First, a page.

The people who say they’re vegetarian but still eat fish and chicken are meat eaters who are just not eating red meat. The people who say they’re vegetarian but still eat fish are actually called piscatarians (piss-ca-tear-ians). I understand why they might not like this label but there you go, just deal with it. These individuals are not vegetarian so when they say they are, please give them a gentle slap from me and tell them to get a grip.
So, now we’ve covered that, what do vegetarians want to eat? Whatever we like, anything meat eaters are having we just make it veggie, and all sorts of lovely things besides – I recommend going to a vegetarian restaurant, it’s culinary heaven. It’s actually quite disconcerting being able to eat everything on the menu and we take ages to order.
My favourite vegetarian restaurants to date are in Ambleside in the Lake District: Fellinis and Zefferellis. Just click on the links below and look at the menus – it’s just amazing food, a masterclass in vegetarian cooking. I can eat the entire menu, it’s a wonderfully surreal experience.
I know some vegetarians don’t like meat substitutes, but most of us do and frankly I make lasagne just like you meat eaters do, except I use quorn/soya instead of beef – and mine tastes SO much nicer than that pepper concoction some people think is a good idea. Food does not have to be complicated. Whatever you do please stop with the cheese, peppers, aubergines and courgettes. Pretty please.
Which leads me to being called a fussy eater. I know some people like courgette but I’ve no idea why, in my world it’s slimy and bitter and I can taste it in anything – including that crazy chocolate cake recipe which calls for half a tonne of courgette (yes, there really is a chocolate cake recipe which involves courgettes, it’s all very wrong). I’m not a fussy eater, I’m a supertaster. Yes, that’s a real thing. Stay with me, we’re into the zone of things I teach now, I’ve also been tested thanks to a fellow PhD student a very long time ago.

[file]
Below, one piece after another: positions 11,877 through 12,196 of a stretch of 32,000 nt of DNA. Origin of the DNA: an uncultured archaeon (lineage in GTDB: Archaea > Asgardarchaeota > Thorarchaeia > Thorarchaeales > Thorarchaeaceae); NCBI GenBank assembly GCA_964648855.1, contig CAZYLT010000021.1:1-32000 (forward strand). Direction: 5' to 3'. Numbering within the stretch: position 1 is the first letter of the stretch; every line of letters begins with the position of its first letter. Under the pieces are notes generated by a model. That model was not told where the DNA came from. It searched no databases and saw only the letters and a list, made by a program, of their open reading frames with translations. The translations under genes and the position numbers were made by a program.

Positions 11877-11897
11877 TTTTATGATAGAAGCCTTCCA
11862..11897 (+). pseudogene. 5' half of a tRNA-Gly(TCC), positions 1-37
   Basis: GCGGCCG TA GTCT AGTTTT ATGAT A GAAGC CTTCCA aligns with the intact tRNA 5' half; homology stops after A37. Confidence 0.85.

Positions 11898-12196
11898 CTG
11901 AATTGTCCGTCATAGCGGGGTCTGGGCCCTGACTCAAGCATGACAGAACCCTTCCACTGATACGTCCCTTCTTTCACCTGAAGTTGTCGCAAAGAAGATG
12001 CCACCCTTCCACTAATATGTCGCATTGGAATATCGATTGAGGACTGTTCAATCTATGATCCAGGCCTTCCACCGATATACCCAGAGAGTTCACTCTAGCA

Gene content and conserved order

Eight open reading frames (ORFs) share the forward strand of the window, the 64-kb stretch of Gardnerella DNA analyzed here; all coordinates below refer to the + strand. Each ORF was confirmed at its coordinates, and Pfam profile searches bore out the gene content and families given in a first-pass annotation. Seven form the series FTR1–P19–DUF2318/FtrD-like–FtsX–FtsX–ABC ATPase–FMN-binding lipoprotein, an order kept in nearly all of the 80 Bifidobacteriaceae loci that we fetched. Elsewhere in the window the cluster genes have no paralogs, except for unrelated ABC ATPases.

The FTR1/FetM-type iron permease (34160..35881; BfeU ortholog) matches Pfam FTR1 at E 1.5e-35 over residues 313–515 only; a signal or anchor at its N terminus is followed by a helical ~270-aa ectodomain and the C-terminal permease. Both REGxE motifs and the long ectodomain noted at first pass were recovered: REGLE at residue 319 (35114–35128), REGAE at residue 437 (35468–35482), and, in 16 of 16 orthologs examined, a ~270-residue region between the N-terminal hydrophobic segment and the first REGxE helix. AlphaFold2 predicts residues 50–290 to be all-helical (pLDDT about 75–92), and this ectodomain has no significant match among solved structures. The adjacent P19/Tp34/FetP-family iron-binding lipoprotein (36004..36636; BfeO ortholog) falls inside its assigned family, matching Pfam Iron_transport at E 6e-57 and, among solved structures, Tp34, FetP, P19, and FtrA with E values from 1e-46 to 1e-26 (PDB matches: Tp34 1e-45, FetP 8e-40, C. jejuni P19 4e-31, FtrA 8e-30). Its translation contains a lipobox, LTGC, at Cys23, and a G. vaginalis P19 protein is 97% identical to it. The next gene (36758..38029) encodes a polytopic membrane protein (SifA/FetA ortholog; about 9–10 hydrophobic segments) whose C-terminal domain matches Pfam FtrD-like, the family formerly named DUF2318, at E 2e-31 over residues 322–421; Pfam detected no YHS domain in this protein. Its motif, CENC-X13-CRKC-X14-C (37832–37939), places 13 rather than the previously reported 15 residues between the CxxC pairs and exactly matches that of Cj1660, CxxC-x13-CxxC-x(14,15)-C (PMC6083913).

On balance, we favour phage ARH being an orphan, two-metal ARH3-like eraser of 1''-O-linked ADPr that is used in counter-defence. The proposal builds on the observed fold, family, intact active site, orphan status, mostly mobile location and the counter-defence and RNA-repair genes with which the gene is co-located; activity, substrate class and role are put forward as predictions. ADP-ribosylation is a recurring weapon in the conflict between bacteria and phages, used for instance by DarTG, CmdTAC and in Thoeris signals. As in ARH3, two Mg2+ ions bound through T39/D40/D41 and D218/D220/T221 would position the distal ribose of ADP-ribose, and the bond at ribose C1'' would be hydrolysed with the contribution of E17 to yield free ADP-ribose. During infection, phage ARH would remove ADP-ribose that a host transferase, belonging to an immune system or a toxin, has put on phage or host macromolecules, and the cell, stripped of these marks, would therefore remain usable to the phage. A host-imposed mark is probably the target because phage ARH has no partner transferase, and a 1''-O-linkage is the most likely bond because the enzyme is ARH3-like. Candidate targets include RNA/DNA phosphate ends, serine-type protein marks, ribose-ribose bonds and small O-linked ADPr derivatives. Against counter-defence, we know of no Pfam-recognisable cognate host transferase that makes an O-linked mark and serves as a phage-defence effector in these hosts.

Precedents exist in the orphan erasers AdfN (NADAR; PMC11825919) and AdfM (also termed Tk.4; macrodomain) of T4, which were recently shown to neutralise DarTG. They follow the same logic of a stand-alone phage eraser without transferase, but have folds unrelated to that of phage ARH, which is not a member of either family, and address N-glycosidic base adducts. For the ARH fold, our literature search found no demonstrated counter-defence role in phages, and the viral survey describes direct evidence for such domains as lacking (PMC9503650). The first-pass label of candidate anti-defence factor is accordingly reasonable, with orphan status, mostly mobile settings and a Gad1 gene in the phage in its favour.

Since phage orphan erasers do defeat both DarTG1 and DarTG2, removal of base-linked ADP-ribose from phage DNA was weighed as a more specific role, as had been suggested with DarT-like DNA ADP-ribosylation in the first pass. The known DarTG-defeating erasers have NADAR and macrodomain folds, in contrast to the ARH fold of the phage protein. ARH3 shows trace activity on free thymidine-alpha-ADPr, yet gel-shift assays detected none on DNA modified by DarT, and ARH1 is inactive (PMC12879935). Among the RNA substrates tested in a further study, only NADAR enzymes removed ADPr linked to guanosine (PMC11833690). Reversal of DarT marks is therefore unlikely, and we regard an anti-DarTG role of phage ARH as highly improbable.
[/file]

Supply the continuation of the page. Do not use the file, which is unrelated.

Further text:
Taste, like everything else about us, in on a continuum. We all of us have different numbers of taste buds on our tongues, called papillae. Some people have very few, they’re arranged more loosely and are larger in size. These people are classed as non-tasters. They can still taste food just fine but are probably those of you who love really, really hot chilli or curry. At the other end of the scale contains those of us with higher than average concentrations of papillae, they’re smaller and much closer together, we are the supertasters. Typically we do not like strong tasting foods or those which are bitter. Most people fall somewhere in-between. Apparently I’m at the extreme end of supertasters, which I think just means that I can appreciate chocolate more and I’m probably never going to like red wine. The research I was involved with hit a snag though, all the supertasters loved brussel sprouts, which are apparently a bitter taste that supertasters aren’t supposed to like. Bloody love sprouts though. How many of you thinking earlier ‘but courgettes are nice’ or ‘courgette doesn’t taste of anything’ who have now just said ‘eugh, I hate Brussel sprouts’? Does not liking sprouts make you fussy? No. Good, so not liking courgettes doesn’t make me fussy either.
So, think about the people who you think are fussy eaters, are they just saying no to strong or bitter tastes? If so then cut them some slack, they may actually intensely dislike those flavours and they will feel nauseated and overwhelmed if you try and force them to eat those things.
OK, that’s probably enough for now.
So, vegetarians do not eat fish, we don’t all eat cheese, we’re not fussy eaters and what we eat is food – just like you. See, not complicated at all.